Fox said WCPS also has textbooks that do not have the digital access component, requiring the school district to buy additional textbooks. “Warren County Schools believes in equitable access to learning for all students and this will help us to ensure equity within the county,” he said.
The School Board voted 5-0 to authorize the purchase and in its final related action item, unanimously approved a request by Lisa Rudacille, WCPS director of elementary instruction, to accept a list of members to the proposed 2020 Math Textbook Review Committee.
“Because teachers’ instruction has had to change so drastically in recent months due to the impact of Covid-19, and the switch to hybrid and virtual instruction, it is the desire of our central office instructional staff and elementary administrators to review our adopted math textbook series prior to the normal adoption cycle to ensure our teachers have access to the most appropriate materials for math instruction for both in-person and virtual students,” Rudacille said. “According to our textbook adoption policy, the School Board must approve a committee to review potential textbooks.”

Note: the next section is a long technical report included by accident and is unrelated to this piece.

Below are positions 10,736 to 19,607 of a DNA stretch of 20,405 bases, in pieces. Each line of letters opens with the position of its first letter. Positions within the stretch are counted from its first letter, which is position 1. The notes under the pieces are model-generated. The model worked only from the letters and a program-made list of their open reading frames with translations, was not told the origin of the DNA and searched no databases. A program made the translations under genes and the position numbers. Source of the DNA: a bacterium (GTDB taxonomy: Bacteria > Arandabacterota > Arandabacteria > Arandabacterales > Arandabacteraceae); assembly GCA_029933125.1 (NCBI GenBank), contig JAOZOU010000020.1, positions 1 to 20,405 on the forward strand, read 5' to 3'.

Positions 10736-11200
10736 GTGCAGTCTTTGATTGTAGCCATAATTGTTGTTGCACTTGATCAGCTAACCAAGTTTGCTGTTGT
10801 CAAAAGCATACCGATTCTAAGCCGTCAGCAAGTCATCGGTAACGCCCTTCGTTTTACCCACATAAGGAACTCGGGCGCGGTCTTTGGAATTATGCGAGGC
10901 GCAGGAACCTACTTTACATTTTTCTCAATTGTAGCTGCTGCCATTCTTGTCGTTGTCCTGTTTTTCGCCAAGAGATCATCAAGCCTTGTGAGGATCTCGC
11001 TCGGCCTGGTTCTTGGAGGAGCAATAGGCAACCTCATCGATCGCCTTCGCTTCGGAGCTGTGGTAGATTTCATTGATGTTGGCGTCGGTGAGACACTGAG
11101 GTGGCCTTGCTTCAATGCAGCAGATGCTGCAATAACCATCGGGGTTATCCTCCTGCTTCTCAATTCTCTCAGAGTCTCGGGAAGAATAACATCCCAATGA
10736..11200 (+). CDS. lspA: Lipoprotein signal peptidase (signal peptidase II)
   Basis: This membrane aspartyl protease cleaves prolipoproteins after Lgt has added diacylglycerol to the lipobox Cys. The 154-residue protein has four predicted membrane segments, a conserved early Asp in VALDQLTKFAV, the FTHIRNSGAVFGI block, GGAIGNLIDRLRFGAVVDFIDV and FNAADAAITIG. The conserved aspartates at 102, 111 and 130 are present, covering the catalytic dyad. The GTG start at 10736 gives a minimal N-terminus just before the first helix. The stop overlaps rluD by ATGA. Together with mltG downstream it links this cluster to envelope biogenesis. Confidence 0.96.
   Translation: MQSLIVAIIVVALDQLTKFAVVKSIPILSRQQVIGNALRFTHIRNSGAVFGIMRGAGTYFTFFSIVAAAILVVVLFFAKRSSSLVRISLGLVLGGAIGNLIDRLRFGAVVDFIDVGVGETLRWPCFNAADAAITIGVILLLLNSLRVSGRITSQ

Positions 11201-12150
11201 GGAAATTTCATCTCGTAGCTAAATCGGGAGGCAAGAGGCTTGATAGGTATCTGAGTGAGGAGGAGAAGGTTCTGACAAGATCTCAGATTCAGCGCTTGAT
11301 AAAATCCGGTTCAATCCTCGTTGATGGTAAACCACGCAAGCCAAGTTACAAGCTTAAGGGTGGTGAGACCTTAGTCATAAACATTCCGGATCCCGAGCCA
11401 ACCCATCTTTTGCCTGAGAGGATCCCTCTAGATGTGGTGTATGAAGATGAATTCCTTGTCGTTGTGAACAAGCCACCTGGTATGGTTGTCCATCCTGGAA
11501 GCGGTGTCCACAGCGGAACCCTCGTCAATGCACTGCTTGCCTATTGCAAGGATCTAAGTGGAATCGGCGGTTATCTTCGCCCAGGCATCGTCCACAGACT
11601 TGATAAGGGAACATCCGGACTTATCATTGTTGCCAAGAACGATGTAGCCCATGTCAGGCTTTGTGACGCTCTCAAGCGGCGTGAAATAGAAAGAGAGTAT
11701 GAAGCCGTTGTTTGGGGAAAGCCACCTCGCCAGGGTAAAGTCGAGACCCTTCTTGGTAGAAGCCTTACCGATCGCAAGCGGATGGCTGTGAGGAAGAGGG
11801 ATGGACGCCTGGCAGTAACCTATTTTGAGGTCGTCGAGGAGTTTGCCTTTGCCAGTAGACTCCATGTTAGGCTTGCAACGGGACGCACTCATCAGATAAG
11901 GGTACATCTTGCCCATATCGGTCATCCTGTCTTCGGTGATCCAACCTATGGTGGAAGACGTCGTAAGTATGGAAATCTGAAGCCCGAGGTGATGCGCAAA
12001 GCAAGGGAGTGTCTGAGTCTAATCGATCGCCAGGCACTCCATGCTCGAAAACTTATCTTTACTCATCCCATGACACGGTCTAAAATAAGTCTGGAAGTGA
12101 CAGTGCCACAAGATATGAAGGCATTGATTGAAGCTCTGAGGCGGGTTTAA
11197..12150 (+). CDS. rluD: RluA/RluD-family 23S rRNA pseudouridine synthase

During the School Board’s work session portion of its meeting, members heard from WCPS elementary school students and principals, who reported on the start of the 2020-2021 school year during a pandemic. High school and middle school principals and students made their reports during the board’s October 7 meeting.
At A.S. Rhodes Elementary School, for example, Principal Lori Layman said there are two teachers who provide virtual specials four days a week for art, music, and Fun Fridays, which have included science experiments and virtual field trips. The teachers work virtually, and their classes are shown to students attending school in person and remotely, she said.
“I think our students are enjoying it,” Layman said, “because our teachers, in about a 30-minute break, are able to have the kids do something that is fun, enjoyable and adds a little bit of normalcy to their day.”
The student explained that each day students get a 20-minute movement break. Goodwin called it a good way to get the kids outside and moving to exercise their bodies and brains since students are sitting a lot more due to COVID-19 health restrictions. He added that the teachers have been creative in incorporating PE requirements into the movement breaks.
Ressie Jeffries Elementary School Principal Nina Helmick also brought a 4th-grade student to the School Board meeting. The principal said that one of the hurdles that students have had to overcome, particularly the little ones, is to get them to social distance.